As text from the Minor v. Happersett decision reads, “The Constitution does not in words say who shall be natural-born citizens. Resort must be had elsewhere to ascertain that. At common law, with the nomenclature of which the framers of the Constitution were familiar, it was never doubted that all children born in a country of parents who were its citizens became themselves, upon their birth, citizens also. These were natives or natural-born citizens, as distinguished from aliens or foreigners.”

    Obama’s mother, Ann Dunham, was born in Kansas, but his father, Barack Obama Sr., who was born in Kenya, was not a U.S. citizen at the time of his son’s birth and never became one.

  19. rikyrah says:

    White House Announces Contraception Accommodation For Religious Orgs

    On a conference call with reporters Friday, a senior administration official announced that the White House will move the onus to provide women free contraceptive services to insurance companies if their religiously-affiliated employers object to providing insurance coverage that covers birth control.

    “All women will still have access to free preventive care that includes contraceptive services,” the official said. “The insurance company will be required to reach out directly and offer her contraceptive coverage free of charge,” if the employer objects to providing that coverage in its benefit package.

  20. rikyrah says:

    An awkward time to ‘reconnect’
    By Steve Benen – Fri Feb 10, 2012 10:11 AM EST.

    It’s late in the game for him to try to “reconnect.”
    A week ago, Mitt Romney and his campaign were right where they wanted to be. The former governor had scored an impressive win in Florida, he was poised to score another victory in Nevada, and the race for the Republican presidential nomination looked to be effectively over.

    There was nary a whisper of internal dissension within the Romney camp. Why would there be? Their guy was the “inevitable” nominee.

    A week, two caucuses, and a non-binding primary later, confidence from Team Romney has suddenly dwindled. The Washington Post reports that party officials are “expressing fresh concerns” about the former governor and are “increasingly anxious” about his candidacy.

    One prominent adviser told the candidate to sharpen his use of conservative code words and create “small pictures” — vivid imagery, in other words — to connect with voters. Another flew to Boston to say that Romney’s message is too businesslike and broad to capture the passion of angry Republican voters. Still others have gone on television and written opinion columns to hammer home what is becoming a common theme this year: that Romney has not been able to ignite a cause when the GOP is primed to become part of one.

    The efforts are themselves interesting, but the larger point is the portrait that’s coming into focus: the campaign is not only scrambling in a damage-control mode, but officials are dishing to reporters about the internal disarray.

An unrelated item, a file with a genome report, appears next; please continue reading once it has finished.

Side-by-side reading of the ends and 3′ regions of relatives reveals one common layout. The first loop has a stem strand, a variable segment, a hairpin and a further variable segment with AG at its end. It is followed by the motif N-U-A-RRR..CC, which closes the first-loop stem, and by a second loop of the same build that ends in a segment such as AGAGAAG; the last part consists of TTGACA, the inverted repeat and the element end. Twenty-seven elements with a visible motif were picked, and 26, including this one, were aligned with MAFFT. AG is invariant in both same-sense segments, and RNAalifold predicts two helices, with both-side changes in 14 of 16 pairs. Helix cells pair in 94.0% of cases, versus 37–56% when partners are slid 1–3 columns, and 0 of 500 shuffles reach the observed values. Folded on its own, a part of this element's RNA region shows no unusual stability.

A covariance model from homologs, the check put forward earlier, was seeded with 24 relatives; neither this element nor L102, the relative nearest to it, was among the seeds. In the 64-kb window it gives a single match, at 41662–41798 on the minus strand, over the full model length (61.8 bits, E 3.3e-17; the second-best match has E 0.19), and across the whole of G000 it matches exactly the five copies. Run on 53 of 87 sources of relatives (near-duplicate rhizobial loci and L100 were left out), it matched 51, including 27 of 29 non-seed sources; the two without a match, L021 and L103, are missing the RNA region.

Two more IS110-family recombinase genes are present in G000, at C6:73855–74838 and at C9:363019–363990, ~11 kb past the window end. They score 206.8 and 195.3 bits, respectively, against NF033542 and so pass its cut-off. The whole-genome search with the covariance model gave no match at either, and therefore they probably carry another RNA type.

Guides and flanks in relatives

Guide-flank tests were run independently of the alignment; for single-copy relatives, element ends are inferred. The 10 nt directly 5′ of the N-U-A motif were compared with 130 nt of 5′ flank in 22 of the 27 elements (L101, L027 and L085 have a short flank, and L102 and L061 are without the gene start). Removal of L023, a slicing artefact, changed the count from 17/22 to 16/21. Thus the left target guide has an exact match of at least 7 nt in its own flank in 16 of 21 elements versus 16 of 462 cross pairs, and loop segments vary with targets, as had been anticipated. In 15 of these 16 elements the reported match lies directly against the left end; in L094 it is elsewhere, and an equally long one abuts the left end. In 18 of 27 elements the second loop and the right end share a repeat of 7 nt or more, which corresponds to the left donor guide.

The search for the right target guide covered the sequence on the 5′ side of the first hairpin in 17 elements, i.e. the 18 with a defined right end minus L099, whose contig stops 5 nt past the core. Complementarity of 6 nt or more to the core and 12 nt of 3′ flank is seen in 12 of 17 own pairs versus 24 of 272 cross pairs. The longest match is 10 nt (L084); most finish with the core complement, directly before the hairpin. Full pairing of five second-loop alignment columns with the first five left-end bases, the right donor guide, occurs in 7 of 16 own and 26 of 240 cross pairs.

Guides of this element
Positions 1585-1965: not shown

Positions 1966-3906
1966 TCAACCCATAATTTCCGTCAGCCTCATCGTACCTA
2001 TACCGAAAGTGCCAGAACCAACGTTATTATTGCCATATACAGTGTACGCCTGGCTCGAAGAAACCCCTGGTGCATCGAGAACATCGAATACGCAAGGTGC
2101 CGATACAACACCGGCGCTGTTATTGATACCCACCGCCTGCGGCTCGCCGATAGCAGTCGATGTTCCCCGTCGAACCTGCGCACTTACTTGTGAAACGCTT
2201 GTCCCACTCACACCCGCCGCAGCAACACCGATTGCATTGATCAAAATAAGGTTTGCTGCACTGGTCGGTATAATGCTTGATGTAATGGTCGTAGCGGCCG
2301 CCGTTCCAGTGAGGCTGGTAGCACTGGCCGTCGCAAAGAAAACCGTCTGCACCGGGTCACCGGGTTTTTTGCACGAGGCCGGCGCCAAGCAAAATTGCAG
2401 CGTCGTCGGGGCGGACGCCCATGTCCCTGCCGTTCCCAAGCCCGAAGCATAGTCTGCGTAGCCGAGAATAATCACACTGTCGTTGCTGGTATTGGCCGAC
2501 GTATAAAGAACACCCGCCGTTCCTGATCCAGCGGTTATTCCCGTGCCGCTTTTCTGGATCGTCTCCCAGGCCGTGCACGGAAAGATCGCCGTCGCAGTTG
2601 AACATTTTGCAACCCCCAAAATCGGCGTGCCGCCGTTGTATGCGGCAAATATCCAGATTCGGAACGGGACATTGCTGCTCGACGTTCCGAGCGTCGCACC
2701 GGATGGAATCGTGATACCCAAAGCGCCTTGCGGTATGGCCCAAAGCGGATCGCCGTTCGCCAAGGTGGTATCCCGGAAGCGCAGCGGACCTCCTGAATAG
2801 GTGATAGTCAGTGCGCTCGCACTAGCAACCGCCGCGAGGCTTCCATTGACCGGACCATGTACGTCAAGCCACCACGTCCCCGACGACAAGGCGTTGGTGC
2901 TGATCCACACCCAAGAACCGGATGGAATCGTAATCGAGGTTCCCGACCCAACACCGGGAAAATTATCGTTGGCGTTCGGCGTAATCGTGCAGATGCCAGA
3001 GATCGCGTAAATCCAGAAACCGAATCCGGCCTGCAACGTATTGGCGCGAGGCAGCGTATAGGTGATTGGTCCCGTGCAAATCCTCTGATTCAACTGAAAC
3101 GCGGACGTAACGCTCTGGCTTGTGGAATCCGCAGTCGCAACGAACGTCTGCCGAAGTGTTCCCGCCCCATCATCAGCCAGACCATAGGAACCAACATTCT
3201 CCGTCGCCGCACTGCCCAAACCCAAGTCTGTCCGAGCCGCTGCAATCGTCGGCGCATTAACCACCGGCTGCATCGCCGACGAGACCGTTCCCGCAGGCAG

MSNBC’s First Read added this morning, “So we’ve gone from advisers taking credit (in the New York Times) for his turnaround in Florida, to now criticizing him (in the Washington Post) after his defeats on Tuesday. Folks, that isn’t characteristic of a winning presidential campaign.”

    This comes against a backdrop of Republicans pressuring Romney to pick up his game, as well as renewing misguided chatter about finding someone new to jump into the race for the GOP nomination.

    For his part, Romney, as Tricia noted earlier, huddled in D.C. yesterday with “a small gathering of leaders in the conservative movement.” The meeting, which last more than an hour, included “evangelical organizers, conservative writers and Tea Party activists,” and was apparently part of a strategy to help the candidate “reconnect” with the right.

    The outreach may or may not pay dividends, but the question that should matter most to Republicans is simple: why is the ostensible frontrunner still trying to “reconnect” at this stage in the race?

  21. Ametia says:

    Here’s a classic post from 3 Chics, when we first got started. Nothings changed….

    The Only “BUT” Uttered In Journalism Should Be The One You Sit On
    Posted on September 11, 2010by Ametia

    American journalism has gone rogue. Gone are the days of Edward R. Murrow, Cronkite, Ed Bradley, Harry K. Smith, Huntley & Brinkley, & Max Robinson. Please feel free to add to this elite list of REAL time journalist.

    For the most part, the playing field is not level. Corporations rule the day and that includes the media.

  22. Ametia says:

    Family Law
    Guardian for Polo Mogul’s Other Kids Seeks to Reverse Dad’s Adoption of 42-Year-Old Girlfriend
    Posted Feb 10, 2012 7:27 AM CST
    By Martha Neil

    An out-of-state guardian for two minor children of a Florida polo mogul has retained an in-state lawyer to fight John Goodman’s recent adoption of his 42-year-old girlfriend.
    Arguing that the adoption contravenes public policy and that the judge who approved it wasn’t told the full story, attorney Joseph Rebak is asking a Miami-Dade Circuit Court to reverse it, reports the Palm Beach Post.